We'll spare you the details of our hectic commute to the famous Golden Gate city, (a train to San Mateo, lunch in the cute downtown, and a trip from there up to SF) but the journey made the trip all that more exciting. However, nothing could beat the excitement of the reason we were actually journeying in the first place-- The interview!
The Kiva headquarter is in a sleek glass building on a busy San Francisco street, and the office is, as we both agreed, the literal definition of San Francisco. Loads of green plants (Actually, mostly everything was green) and earthy tones/decorations catch your eye as you walk in. A screen projects Kiva's site and informs you of exactly when the last loan was made. The office is unique in that is is all open and set up with a few makeshift walls in between. There is a map of the world with pins marked for each place an employee had been, as well as currency from that country. Dogs and babies are known to be hanging around, everyone was in super casual clothing, a masseuse was in a private room, and they had a library AND a hammock room. We walked by the CEO, who looked like any other employee, while he was in a meeting. Fun fact: His desk has has no chair- He just stands and works in the middle of the office space, with everyone else. As well, one of the founders of Kiva, Premel, had a similar set up.
At Kiva, everyone was in a happy mood. As Jessica said, people are sad when they have to leave work. Even the unpaid intern we spoke to explained how she always gets excited to come into the office! The place was hustling and bustling with activity and discussion. You could tell that every single person in that office genuinly cared about the work they were doing, and thats one of the big reasons why Kiva is so successful today.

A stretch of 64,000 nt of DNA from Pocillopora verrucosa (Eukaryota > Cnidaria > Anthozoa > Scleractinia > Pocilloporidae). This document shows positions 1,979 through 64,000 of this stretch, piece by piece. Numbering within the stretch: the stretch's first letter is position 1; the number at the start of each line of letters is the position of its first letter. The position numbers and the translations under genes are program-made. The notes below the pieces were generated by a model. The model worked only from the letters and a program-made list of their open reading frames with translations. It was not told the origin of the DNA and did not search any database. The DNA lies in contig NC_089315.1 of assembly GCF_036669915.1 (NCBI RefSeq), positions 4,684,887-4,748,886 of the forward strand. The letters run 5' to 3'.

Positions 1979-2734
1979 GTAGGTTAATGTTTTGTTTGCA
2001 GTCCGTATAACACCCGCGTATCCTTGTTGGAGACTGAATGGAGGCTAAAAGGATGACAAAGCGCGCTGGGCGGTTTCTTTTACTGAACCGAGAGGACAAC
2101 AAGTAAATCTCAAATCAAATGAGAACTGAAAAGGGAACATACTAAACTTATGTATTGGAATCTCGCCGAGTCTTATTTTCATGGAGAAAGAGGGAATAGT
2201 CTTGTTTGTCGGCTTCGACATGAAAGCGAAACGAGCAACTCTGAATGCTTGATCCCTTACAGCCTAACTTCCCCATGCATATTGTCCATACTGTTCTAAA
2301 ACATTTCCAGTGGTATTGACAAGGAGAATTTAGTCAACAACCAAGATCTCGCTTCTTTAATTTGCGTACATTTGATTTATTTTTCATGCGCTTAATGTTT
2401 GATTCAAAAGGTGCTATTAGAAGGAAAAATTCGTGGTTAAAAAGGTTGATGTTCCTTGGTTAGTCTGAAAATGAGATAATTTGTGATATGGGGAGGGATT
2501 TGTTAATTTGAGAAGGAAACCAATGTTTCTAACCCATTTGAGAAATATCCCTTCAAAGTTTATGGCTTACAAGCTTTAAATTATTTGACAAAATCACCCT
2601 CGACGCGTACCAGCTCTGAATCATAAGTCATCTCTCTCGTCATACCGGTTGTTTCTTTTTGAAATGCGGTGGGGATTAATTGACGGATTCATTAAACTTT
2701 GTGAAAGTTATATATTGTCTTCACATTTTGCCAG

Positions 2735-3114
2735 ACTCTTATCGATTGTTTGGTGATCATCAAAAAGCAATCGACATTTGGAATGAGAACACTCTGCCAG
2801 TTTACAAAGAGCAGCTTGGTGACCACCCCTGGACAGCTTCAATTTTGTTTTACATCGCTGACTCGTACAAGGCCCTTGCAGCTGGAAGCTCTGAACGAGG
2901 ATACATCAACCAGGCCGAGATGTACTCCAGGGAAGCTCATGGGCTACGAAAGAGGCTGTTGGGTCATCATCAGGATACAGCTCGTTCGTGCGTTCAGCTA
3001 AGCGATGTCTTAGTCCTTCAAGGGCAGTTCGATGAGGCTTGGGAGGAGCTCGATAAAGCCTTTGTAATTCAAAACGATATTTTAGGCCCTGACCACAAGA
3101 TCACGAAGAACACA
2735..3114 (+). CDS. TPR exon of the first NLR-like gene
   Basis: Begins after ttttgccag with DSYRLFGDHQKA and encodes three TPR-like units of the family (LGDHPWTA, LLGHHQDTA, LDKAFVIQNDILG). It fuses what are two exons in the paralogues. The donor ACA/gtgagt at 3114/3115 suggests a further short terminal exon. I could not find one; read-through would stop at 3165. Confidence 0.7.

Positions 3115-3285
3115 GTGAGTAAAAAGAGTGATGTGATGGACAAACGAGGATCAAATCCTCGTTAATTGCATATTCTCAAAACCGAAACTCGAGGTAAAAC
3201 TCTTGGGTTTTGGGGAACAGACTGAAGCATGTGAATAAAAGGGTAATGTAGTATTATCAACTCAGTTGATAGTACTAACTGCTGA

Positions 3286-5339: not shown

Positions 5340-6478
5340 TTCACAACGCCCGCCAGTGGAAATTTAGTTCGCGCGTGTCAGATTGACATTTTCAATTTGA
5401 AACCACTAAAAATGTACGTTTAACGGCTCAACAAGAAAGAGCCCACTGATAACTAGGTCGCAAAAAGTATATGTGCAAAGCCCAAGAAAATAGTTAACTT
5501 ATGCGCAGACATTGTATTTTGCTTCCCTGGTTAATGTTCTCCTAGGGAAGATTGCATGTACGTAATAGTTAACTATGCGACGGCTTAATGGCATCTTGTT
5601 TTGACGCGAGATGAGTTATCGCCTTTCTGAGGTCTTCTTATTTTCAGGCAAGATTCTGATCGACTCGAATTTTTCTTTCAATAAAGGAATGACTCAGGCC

Jessica was one of the most inspiring (I know, we say that about everyone) women Alexis and I have ever had the honor to meet. This outstanding, kind hearted, positive, and well educated woman has done far more in her lifetime than majority of people can even dream of. She has lived and traveled around the world and worked at every social justice job you could think of (Everyone from the UN to Doctors Without Borders). The stories and experiences she shared left Alexis and I with our mouths open in shock, Jessica has interviewed people in detail and heard stories of rape, soldiers cutting open pregnant women, and heads being used as soccer balls...but despite it all, she stressed how optimistic she is for the future. She described how positive you have to be in her field and how she truly believes third world countries will one day catch up with more developed ones in terms of poverty and education. Every part of her radiated joy as she recalled the changes she's seen in small villages in Kenya. Jessica is the walking example of optimism and true fulfillment, refusing to let the disheartening things she's seen in her line of work bring her down and reminding everyone of the work they can do to make the world a place where all can smile.
If you're interested in the work Jessica is doing, watch our interview that will be posted later this week!
For now, we'd like to leave you with one word of advice Jessica told us that keeps coming to mind, even 5 days later: When asked about her job and how she's gotten to this position, she spoke of how instead of worrying about how much each job pays or the benefits of said job, she simply asks herself if she would do the job even if she wasn't being paid. With h=this perspective, she's allowed herself to be passionate about every job she's had. Maybe it's something to apply to all the aspects in our lives. It's a good reminder to ourselves to choose the things that make us fulfilled, the things that we can look forward to and never lose our passionate for.